NASA Invention of the Year winner named

Oct 26, 2006

A groundwater treatment technology developed at the Kennedy Space Center has been named NASA's 2005 Government Invention of the Year.

The Emulsified Zero-Valent Iron, or EZVI, technology -- also named NASA 2005 Commercial Invention of the Year -- was developed by NASA researchers from Kennedy and the University of Central Florida.

The technology is used to remove environmental contaminants from ground water around industrial areas, such as rocket launch pads, and also provides a means to clean Superfund sites.

The process can reportedly limit both the time and costs associated with traditional methods used to clean areas contaminated with groundwater pollutants.

NASA said it has signed six non-exclusive licenses with companies to market and further develop EZVI.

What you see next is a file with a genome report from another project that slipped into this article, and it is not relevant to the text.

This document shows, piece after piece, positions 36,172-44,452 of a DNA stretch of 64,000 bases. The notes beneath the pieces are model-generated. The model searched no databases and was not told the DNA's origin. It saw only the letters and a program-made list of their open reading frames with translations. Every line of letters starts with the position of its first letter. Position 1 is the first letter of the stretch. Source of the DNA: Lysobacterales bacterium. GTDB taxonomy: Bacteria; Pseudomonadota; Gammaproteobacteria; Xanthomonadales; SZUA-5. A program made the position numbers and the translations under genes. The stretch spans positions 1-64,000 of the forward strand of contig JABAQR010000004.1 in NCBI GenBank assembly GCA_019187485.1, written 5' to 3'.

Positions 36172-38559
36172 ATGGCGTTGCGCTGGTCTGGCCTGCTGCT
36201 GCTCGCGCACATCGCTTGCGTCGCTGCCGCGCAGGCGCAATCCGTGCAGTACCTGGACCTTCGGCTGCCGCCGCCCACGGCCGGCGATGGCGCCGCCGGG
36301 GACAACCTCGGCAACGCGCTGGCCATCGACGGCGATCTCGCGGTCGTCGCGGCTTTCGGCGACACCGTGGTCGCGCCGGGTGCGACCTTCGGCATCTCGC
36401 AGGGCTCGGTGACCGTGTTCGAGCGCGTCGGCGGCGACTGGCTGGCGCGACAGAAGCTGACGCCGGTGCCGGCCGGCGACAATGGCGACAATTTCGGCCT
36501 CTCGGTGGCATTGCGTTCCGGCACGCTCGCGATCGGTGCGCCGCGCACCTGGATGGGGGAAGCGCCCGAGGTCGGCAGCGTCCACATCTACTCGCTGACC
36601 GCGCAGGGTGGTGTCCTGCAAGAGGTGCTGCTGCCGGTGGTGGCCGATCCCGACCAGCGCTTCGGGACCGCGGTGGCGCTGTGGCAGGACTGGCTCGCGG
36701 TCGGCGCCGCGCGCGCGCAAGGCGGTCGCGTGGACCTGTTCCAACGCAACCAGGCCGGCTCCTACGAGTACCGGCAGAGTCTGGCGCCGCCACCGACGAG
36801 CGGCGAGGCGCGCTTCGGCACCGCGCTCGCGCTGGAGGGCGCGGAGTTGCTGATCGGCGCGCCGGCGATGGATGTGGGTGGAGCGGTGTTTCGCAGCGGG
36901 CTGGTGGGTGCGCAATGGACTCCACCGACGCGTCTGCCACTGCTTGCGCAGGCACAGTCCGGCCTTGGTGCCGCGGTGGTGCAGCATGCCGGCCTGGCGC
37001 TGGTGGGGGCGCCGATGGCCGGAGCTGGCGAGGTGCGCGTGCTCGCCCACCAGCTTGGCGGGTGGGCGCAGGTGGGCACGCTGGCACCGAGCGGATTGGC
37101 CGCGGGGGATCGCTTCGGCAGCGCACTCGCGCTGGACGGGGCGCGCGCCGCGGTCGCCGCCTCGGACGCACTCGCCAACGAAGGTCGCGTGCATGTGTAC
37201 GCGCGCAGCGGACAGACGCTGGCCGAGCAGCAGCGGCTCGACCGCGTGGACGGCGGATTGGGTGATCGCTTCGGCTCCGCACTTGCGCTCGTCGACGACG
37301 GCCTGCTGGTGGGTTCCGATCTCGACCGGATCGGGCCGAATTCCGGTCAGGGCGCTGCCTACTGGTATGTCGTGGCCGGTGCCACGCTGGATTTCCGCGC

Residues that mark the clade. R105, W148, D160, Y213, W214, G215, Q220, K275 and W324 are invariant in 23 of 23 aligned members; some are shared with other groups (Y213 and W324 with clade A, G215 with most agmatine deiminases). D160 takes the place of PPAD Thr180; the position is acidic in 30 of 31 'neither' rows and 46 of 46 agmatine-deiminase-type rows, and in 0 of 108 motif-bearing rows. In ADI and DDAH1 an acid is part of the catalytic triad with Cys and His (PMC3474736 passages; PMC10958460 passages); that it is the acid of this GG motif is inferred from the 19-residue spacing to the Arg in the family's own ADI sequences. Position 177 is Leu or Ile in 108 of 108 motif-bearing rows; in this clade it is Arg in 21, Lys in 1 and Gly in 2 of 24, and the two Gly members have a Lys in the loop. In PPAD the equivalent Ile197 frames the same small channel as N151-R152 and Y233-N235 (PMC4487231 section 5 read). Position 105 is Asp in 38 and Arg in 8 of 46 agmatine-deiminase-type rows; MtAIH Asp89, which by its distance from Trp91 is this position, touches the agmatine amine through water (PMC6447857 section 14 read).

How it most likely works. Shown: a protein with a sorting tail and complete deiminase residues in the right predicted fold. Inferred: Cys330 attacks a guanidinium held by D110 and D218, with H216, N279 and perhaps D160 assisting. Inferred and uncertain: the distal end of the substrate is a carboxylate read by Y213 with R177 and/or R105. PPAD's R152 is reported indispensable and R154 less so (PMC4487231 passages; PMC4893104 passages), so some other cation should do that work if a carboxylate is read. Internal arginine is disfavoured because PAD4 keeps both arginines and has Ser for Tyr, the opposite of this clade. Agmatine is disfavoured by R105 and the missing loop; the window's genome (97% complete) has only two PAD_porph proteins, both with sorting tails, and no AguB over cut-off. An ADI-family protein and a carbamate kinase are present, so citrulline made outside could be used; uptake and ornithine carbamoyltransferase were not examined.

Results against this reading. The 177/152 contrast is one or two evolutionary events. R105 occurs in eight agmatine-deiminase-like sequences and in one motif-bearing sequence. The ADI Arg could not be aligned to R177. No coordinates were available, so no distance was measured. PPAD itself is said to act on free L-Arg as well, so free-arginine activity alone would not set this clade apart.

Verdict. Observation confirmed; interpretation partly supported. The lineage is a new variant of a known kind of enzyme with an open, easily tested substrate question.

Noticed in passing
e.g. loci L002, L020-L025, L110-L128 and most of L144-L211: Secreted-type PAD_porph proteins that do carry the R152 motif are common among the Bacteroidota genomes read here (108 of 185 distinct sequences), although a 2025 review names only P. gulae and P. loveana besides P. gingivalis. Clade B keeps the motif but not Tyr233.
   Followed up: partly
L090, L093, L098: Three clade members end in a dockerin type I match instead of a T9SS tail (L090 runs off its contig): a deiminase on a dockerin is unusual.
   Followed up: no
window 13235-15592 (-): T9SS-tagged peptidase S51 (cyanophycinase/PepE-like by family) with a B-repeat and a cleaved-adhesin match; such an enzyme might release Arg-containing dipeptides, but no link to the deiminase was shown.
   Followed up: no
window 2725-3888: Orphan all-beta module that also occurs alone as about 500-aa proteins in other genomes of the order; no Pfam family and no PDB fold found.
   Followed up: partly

Copyright 2006 by United Press International

Explore further: Ancient deformation of the lithosphere revealed in Eastern China

add to favorites email to friend print save as pdf

Related Stories

Scientist tackles mystery of ancient astronomical device

Jan 06, 2015

The shoebox-size chunk of bronze didn't attract much attention when divers retrieved it from an ancient shipwreck off the Greek island of Antikythera in 1901. Archaeologists on the expedition had their hands ...

Preparing for alien life

Nov 10, 2014

At a recent event sponsored by NASA and the Library of Congress, a group of scientists and scholars explored how we might prepare for the inevitable discovery of life beyond Earth.

Image: NASA's Webb Telescope NIRSpec instrument

Sep 03, 2014

(Phys.org) —A NASA photographer recently captured a "NIRSpec-tacular" photo of an instrument that will fly aboard NASA's James Webb Space Telescope when it launches in 2018.

Recommended for you

User comments : 0

Please sign in to add a comment. Registration is free, and takes less than a minute. Read more

Click here to reset your password.
Sign in to get notified via email when new comments are made.